(1) Not later than 60 days from receipt of the petition the Board shall inform the petitioner whether the petition will be considered.
(2) If the Board decides not to consider the petition, the Board shall inform the petitioner in writing of the reasons for denial.
​​​.03 Consideration and Disposition.
A. In rendering its ruling the Board or its designee:
(1) Shall consider all materials submitted with the petition; 
(2) May consider any document, data, or other relevant material;
(3) May consult individuals;3) May consult individuals;
(4) May consider comments from the staff; or
(5) May require argument of the question or permit the introduction of evidence.
B. Disposition.
(1) A declaratory ruling issued shall be in writing, stating the:
(a) Question;
(b) Decision;
(c) Description of factors considered; and
(d) Sources relied upon.
(2) A declaratory ruling issued by the Board shall plainly state that it is a declaratory ruling pursuant to these regulations.
(3) A written answer from the Board or any employee of the Board to an inquiry may not be construed as a declaratory ruling unless made in conformity with these regulations.
C. Publication and Inspection.
(1) The Board shall keep a record of each declaratory ruling issued.
(2) The Board may publish declaratory rulings of general interest subject to the mandates of the Public Information Act, State Government Article, §10-601 et seq., Annotated Code of Maryland, and allow inspection of the declaratory rulings subject to the Public Information Act.
D. The Board may refuse to consider a petition if the:
(1) Request contains incomplete information upon which to base an informed declaratory ruling;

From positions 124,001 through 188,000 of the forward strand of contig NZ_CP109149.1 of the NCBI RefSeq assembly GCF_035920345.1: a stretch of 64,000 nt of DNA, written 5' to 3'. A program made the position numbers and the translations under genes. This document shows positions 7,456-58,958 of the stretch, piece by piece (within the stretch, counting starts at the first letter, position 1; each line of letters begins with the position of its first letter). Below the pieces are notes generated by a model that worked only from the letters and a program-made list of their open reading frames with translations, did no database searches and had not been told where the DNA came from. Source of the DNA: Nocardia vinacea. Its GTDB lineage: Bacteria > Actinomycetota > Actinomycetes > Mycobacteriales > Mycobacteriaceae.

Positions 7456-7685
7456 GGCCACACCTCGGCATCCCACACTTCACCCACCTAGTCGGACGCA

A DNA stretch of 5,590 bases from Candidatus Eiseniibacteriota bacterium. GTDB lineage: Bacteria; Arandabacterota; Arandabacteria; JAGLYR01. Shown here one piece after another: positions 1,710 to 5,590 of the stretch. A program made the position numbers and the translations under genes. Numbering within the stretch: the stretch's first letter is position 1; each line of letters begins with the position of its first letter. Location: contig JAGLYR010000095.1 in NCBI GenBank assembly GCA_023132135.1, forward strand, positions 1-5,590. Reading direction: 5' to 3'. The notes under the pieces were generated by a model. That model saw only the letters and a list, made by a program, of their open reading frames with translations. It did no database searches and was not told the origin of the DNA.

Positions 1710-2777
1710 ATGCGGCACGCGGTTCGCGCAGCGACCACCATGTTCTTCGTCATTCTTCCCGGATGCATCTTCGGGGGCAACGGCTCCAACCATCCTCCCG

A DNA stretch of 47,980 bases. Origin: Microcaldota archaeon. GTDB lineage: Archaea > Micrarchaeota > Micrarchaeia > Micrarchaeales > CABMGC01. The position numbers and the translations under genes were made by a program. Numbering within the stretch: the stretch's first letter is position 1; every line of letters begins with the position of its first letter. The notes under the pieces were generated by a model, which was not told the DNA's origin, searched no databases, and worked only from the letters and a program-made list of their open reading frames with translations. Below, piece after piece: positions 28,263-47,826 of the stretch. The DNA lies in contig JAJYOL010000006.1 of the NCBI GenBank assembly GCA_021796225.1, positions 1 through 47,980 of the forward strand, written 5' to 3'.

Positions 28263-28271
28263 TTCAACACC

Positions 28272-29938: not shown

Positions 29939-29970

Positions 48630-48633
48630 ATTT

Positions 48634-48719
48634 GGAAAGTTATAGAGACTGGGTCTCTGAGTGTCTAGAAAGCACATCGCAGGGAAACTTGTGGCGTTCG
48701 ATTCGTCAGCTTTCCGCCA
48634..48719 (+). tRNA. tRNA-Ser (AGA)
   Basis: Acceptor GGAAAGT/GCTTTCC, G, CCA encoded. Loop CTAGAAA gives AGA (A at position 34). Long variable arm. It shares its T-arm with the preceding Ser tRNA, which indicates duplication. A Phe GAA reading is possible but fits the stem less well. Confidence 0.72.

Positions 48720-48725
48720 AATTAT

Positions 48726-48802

(2) Board or its designee concludes that a declaratory ruling cannot reasonably be given on the matter; 
(3) Matter is adequately covered by a prior: 
(a) Regulation,
(b) Declaratory ruling,
(c) Decision,
(d) Legal opinion; or
(4) The Board or its designee concludes that a ruling would not be in the public interest.
​.04 Effect, Revision, and Appeal.
A. Effect. A declaratory ruling shall be binding upon the Board and the petitioner on the statement of facts covered in the declaratory ruling and set forth in the petition.
B. Revision.
(1) The petitioner's application for revision of the declaratory ruling shall:
(a) Be filed within 10 days after the issuance of the declaratory ruling; and
(b) State the grounds for the revision;
(2) Upon receipt of the application, the Board may:
(a) Open the declaratory ruling to receive additional information;
(b) Amend its ruling or its statement or reasons for the ruling;
(c) Set forth additional findings or reasons;
(d) Enter new findings, new reasons, or a new ruling.
(3) The Board shall grant or deny the application within 90 days of its submission.
(4) The Board may exercise revi​sory power and control over the declaratory ruling in the case of fraud, mistake, or irregularity.
C. Appeal. A declaratory ruling is subject to review as provided in State Government Article, §10-305, Annotated Code of Maryland.



updated 9/21/2016